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  22. #97
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    Quote Originally Posted by ozzybmx View Post
    The real base issue is the non-ano soft alu nipples, the new brass are just as light.... cant say much more but ENVE have gone beyond their expectations.
    Agreed, since condensation would be distilled water, or pH neutral, and thus non-conductive...
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  23. #98
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    Quote Originally Posted by ozzybmx View Post
    Its a dry 22deg. Besides the nipples are completely sealed inside the wheel, they are not subjected to the outside.

    The nipples are sealed inside the rim with gorilla tape on the other side.

    Im just ruling out a constant wet atmosphere for the issue.
    The Enve spokes are sealed somehow? That is not the case with any other wheel I'm aware of.

    It does seem you had some bad nipples or moist shipping or storage conditions before you got the wheels. Only a few others have reported this problem. Good to hear Enve is taking care of you, finally.

  24. #99
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    Quote Originally Posted by Adroit Rider View Post
    I wonder if condensation occurs when going from the AC room to outside? I know I have seen a sheen of condensation on my bike but can't remember when, or how drastic the temp change was.


    I think of an aluminum can coming from the fridge on hot day and all the moisture that emits.
    Condensation occurs when going from warm to cold. The can coming from the fridge generates condensation when the warm air contacts the cold can and the moisture condenses out of the air; the can "emits" nothing. So it would be going from his ride into his house that might generate moisture on the bike and parts.

    Quote Originally Posted by ozzybmx View Post
    Its a dry 22deg. Besides the nipples are completely sealed inside the wheel, they are not subjected to the outside.

    The nipples are sealed inside the rim with gorilla tape on the other side.

    Im just ruling out a constant wet atmosphere for the issue.
    The inside is - theoretically - sealed from the inside by your tape. However, I had to pull boogers out of the rim cavity of mine a few months ago. Guess the gorilla tape let some sealant through into the cavity where the nipples are mounted. I'm a bit nervous and figure I'm going to have to inspect mine pretty soon. Since I re-taped it, no rattling/boogers in there, though.

    Where the spokes go into the rim, however, isn't water or air tight as far as I can tell. Making that opening sealed would require a specific size and shape of spoke, and would make building the wheel pretty time consuming to set the spoke and then ensure it is, in fact, sealed. So I have to disagree that the nipples are completely sealed and would say they are completely open to the environment and only sealed from the sealant... hopefully.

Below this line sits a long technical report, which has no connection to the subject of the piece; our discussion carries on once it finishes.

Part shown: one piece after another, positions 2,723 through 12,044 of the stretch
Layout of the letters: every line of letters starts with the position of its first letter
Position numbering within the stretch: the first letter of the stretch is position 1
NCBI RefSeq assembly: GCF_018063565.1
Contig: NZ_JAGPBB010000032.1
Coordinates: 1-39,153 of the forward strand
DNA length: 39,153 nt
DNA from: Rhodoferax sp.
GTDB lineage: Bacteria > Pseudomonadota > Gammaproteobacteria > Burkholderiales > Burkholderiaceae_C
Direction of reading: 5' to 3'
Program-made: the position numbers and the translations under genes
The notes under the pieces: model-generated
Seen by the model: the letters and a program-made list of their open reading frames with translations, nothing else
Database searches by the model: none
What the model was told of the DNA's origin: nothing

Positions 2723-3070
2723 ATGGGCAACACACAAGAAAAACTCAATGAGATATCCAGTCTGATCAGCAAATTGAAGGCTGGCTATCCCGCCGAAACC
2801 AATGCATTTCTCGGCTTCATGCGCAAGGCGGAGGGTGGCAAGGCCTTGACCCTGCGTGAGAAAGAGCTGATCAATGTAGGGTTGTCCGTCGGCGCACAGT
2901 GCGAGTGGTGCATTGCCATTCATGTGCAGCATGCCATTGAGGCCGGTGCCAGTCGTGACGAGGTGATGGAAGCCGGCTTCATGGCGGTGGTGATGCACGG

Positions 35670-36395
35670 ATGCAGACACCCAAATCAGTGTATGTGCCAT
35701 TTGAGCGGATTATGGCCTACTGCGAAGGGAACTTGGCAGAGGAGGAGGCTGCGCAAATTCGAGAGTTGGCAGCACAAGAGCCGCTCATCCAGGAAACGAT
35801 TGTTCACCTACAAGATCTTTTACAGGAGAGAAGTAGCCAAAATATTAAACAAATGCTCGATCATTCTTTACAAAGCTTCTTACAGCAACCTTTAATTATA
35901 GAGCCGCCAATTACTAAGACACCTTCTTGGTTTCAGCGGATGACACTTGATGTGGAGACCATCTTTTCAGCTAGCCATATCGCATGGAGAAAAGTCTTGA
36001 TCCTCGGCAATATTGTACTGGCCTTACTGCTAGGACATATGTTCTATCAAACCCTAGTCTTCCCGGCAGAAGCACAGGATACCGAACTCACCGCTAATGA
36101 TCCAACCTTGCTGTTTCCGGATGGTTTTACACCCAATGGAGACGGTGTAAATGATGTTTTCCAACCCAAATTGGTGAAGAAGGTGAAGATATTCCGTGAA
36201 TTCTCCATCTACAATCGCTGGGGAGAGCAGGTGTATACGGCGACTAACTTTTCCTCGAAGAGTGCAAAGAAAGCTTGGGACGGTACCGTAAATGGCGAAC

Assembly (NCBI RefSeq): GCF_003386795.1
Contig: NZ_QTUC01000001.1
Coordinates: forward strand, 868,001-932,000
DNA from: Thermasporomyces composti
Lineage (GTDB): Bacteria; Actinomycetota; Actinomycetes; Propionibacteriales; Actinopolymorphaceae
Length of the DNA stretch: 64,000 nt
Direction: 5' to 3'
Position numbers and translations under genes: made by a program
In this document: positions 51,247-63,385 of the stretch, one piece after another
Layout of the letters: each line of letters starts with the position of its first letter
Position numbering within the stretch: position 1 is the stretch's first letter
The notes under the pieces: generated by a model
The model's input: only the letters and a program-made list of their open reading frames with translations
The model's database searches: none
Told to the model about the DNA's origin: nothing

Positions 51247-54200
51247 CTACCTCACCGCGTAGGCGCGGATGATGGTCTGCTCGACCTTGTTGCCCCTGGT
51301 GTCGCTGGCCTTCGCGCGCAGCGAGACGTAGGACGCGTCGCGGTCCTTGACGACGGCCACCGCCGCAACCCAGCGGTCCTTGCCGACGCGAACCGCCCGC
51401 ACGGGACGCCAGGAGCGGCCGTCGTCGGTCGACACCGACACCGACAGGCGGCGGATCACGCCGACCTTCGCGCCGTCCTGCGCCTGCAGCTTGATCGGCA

Quote Originally Posted by AZ.MTNS View Post
    The moisture could be introduced with the air that you inflate your tires with. Add the known corrosive properties of Stan's and the issue is compounded. A "dry" air source might be prudent to help preserve the stock ENVE nipples. Just a thought.
    So now we're back to nitrogen for inflating our bike tires? Ugh! lol
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  25. #100
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    Quote Originally Posted by skiahh View Post
    Condensation occurs when going from warm to cold. The can coming from the fridge generates condensation when the warm air contacts the cold can and the moisture condenses out of the air; the can "emits" nothing. So it would be going from his ride into his house that might generate moisture on the bike and parts.
    Other way around. Cold (relatively) bike into a warm, humid environment will generate condensation on the bike.
    You are right about the moisture condensing on the cold can. Your bike is not going to be cold when coming inside from outside and the air indoors is typically dried by air conditioning.
    Quote Originally Posted by skiahh View Post
    Where the spokes go into the rim, however, isn't water or air tight as far as I can tell.
    I agree. Grease will help somewhat but isn't going to last forever.

    Quote Originally Posted by skiahh View Post
    So now we're back to nitrogen for inflating our bike tires? Ugh! lol
    lol
    I don't think the moisture that enters the tires with the inflation air is significant when compared to the sealant sloshing around in the tire, which contains a signficant quantity of water.
    Quote Originally Posted by pvd
    Time to stop believing the hype and start doing some science.
    29er Tire Weight Database